Last year I missed a connection at Heathrow Airport. I sourced the needed documentation, filled in the forms and submitted my $201 travel insurance claim. Four weeks later I got a cheque in the mail for $1. When I enquired why it was so little, they told me there was a $200 excess. I suggested some feedback: Me: You should consider putting a reminder at the start of the process. It would have saved us both a bit of time. Them: It's in the fine print of the Product Discloser Statement. Me: Yeah...

Nearly 12 months ago I quit my job and started freelancing. With the opportunity for a fresh chapter, I stopped calling myself a Digital Strategist and updated LinkedIn to Creative Strategist. Here's why. 1. Digital Strategy has changed. When I started my career, "digital" was a blurry word. It was a grey area you could carve your own definition into. I've been lucky for most of my career, in agencies where I largely got to shape the kind of work I wanted to do - finding opportunities for ideas on digital channels. But increasingly, Digital Strategy has nothing to do with ideas. It's more "transformation" and "enterprise solutions". These days the role requires a strong understanding of specific technology tools and data platforms. You have a seat at the table, but it's not necessarily with marketers. The consultants would say that's a good thing. And more profitable. But I like writing briefs and working with Creatives. Unless you love CRM or DMPs, there's no longer room in agencies for Digital Advertising-ish Strategists. (And rightly so, see below.) 2. Digital is just a tool. Why do we have Digital departments in agencies? Or Digital Creative Directors? Digital Strategists belong on the same list of obsolesce. Digital is just a channel. Usually for hosting an experience or distributing a message. But it's not always the best place to host an experience or distribute a message. Yet if you have Digital in your title, you have a natural bias. Not making that recommendation makes you less relevant. But Strategists are problem solvers, and they can't have predispositions to certain tools. To a hammer, everything looks like a banner ad. 3. "Digital" makes me feel a bit sticky. There's too many snake oil salesmen out there. And yes they're mostly men. With oil comes their greasiness. Too many entrepreneurs selling courses for Facebook ads. Too many videos of Gary Vaynerchuk telling you to hustle. Too many digital marketing influencers without any influence (or something to say).  Of course, I generalise. There's plenty of legit digital thinking legends out there - it just feels like they're getting harder to find. 4. You can charge more. There's more demand for Creative Strategists, and fewer in supply. A Planner who "gets" digital seems to be the sweet spot, more so than a Digital Planner who considers brand or a proposition. People don't like talking about money, but from what I've gleamed, day rates are better for the agnostic problem solvers. 5. I'm finally starting to understand how advertising works. I've worked in advertising for nearly decade, and am only now just starting to feel like I get how it works. And every time I read more, the way brands use digital pulls in the direction opposite of effectiveness. My (ever forming) philosophy is guided by the likes of Byron Sharp, whose work suggests brands grow through mass reach of potential buyers by building and reinforcing memory structures to increase mental availability. Even if there's too many buzzwords in that sentence for my liking - that's not  how most brands invest in digital. Likewise I lean toward the notion advertising works because it is a signal. It's an investment received socially. Traditional ads work because they are perceived to be expensive, collective and seen in unison. Digital is the opposite: cheap, individualised and sporadic. As Rory Sutherland says, "We make our wedding vows in front of a large number of people simultaneously." Presumably at an expensive wedding. Generalising again, but it would seem most of the people flogging digital thinking don't have a philosophy on how advertising works, or even believes that it does. --- I don't think we can attribute this one to David, but Ogilvy sum it up best: Digital is dead. And so, I ditched the word from my title. Although you'll still find plenty of mentions in my bio for SEO. You can't take digital out of the boy!...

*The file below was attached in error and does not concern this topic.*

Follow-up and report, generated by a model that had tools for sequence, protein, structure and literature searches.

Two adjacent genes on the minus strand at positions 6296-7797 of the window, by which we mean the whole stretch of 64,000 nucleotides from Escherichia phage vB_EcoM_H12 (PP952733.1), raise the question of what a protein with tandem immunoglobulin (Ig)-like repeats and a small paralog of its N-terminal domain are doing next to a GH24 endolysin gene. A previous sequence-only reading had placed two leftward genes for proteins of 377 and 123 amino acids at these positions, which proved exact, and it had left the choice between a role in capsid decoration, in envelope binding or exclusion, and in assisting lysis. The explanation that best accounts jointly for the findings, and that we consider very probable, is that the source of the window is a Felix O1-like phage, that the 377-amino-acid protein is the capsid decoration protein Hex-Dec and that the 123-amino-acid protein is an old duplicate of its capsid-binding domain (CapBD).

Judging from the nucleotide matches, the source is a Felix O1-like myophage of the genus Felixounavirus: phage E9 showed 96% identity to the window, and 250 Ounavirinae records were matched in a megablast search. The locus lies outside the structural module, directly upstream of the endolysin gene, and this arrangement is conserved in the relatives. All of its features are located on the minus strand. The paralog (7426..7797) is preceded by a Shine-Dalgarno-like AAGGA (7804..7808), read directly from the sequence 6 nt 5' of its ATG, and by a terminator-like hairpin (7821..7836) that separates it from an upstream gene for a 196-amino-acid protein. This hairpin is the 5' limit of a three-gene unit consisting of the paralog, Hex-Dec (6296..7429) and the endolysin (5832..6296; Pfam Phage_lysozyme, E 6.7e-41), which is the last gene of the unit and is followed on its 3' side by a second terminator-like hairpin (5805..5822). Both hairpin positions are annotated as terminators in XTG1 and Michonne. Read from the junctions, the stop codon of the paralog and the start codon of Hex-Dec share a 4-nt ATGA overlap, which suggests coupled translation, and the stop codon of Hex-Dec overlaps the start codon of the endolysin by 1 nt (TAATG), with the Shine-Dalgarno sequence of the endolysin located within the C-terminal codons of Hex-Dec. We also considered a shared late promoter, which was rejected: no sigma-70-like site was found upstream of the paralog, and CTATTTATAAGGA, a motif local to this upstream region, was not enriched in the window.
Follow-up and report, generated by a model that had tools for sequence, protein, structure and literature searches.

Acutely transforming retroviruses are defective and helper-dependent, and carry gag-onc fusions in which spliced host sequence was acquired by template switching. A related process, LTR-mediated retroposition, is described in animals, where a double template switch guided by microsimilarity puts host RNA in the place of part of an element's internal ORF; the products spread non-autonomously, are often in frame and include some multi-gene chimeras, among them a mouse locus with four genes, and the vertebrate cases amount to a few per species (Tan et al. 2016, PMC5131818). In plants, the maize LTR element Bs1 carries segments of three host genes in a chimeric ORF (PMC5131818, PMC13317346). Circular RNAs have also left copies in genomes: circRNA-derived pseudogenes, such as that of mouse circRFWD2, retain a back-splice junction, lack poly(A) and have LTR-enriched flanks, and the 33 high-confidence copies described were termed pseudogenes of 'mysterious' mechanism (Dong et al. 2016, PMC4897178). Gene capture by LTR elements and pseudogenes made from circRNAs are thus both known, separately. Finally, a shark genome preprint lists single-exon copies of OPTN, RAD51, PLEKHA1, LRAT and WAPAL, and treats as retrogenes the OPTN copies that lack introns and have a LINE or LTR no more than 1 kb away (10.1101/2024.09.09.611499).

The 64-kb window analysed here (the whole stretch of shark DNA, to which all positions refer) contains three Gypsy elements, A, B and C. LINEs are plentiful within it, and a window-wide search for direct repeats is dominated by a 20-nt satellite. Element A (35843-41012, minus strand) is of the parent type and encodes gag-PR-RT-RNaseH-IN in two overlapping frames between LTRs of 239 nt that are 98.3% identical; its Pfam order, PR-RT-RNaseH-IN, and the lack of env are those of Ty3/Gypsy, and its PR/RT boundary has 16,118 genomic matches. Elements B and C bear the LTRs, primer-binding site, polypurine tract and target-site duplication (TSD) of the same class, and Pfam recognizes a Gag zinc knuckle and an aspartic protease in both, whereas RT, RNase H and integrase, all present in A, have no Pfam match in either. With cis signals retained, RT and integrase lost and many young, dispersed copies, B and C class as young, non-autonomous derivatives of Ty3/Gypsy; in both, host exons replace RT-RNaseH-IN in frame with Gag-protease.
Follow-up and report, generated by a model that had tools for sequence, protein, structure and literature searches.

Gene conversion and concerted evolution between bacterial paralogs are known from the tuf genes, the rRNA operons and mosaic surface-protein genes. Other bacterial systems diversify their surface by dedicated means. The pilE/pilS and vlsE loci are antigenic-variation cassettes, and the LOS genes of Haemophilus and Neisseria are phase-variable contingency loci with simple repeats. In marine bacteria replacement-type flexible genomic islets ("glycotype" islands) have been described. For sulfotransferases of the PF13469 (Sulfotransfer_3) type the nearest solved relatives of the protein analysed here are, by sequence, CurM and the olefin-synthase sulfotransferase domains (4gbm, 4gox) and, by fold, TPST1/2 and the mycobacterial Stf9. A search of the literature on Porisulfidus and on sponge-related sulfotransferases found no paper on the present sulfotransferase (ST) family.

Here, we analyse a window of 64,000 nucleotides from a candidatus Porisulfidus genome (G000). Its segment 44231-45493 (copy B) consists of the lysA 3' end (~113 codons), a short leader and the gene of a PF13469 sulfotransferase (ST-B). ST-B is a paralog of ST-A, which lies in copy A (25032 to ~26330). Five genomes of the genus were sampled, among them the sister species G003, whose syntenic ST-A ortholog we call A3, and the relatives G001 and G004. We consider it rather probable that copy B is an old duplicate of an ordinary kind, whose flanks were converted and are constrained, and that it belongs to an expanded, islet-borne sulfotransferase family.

If you think for a living, you should write more. For obvious reasons, like to share your wisdom. And build your street cred. Even if you don't have wisdom or hate the phrase 'personal brand', you should spend more time writing things down. Capturing thinking, yours or someone else's, publicly or private, forces you to process it. For me it also takes it out of my head to make room for something else. Thoughts, ideas, frameworks, tools, quotes, presentation material - anything worth remembering. Or stealing. Last year I started freelancing and got organised. Here's how I capture thinking by writing it down: Moleskin Notebook In the past I'd capture all notes in a Moleskin. To Do lists, client data, doodles. But these are almost always disposable. Now I write everything on a white A4 piece of paper, folded in half. At the end of each week I throw it away. The good stuff, I transfer into a single notebook, the front page you can see above. Doug Kleeman calls it writing your own textbook. It's for the timeless stuff - lessons on how advertising works or how to be a better problem solver. Things you might refer to in five years. Strategy Library I have a folder on my MacBook that houses every good report, framework, paper or case study I read. It includes pieces of work from other people/agencies, even well designed decks for inspiration. All of which is carefully filed, building up over nearly a decade in advertising. Strategy Cellar It's an online version of the Library, kind of like my personalised version of Julian Cole's Planning Dirty Cheatsheet. It's a toolkit, with resources and tools I refer to. A Google Sheet works nicely. This Blog Of course, there's this blog. Even if no one reads it, it's where I can distill and build on thoughts. And identify themes in my own thinking. I can't tell you how many times I've done presentations only to later realise they're repackaged blog posts. You might argue Twitter plays this role for micro thoughts too.   Where do you write things down?...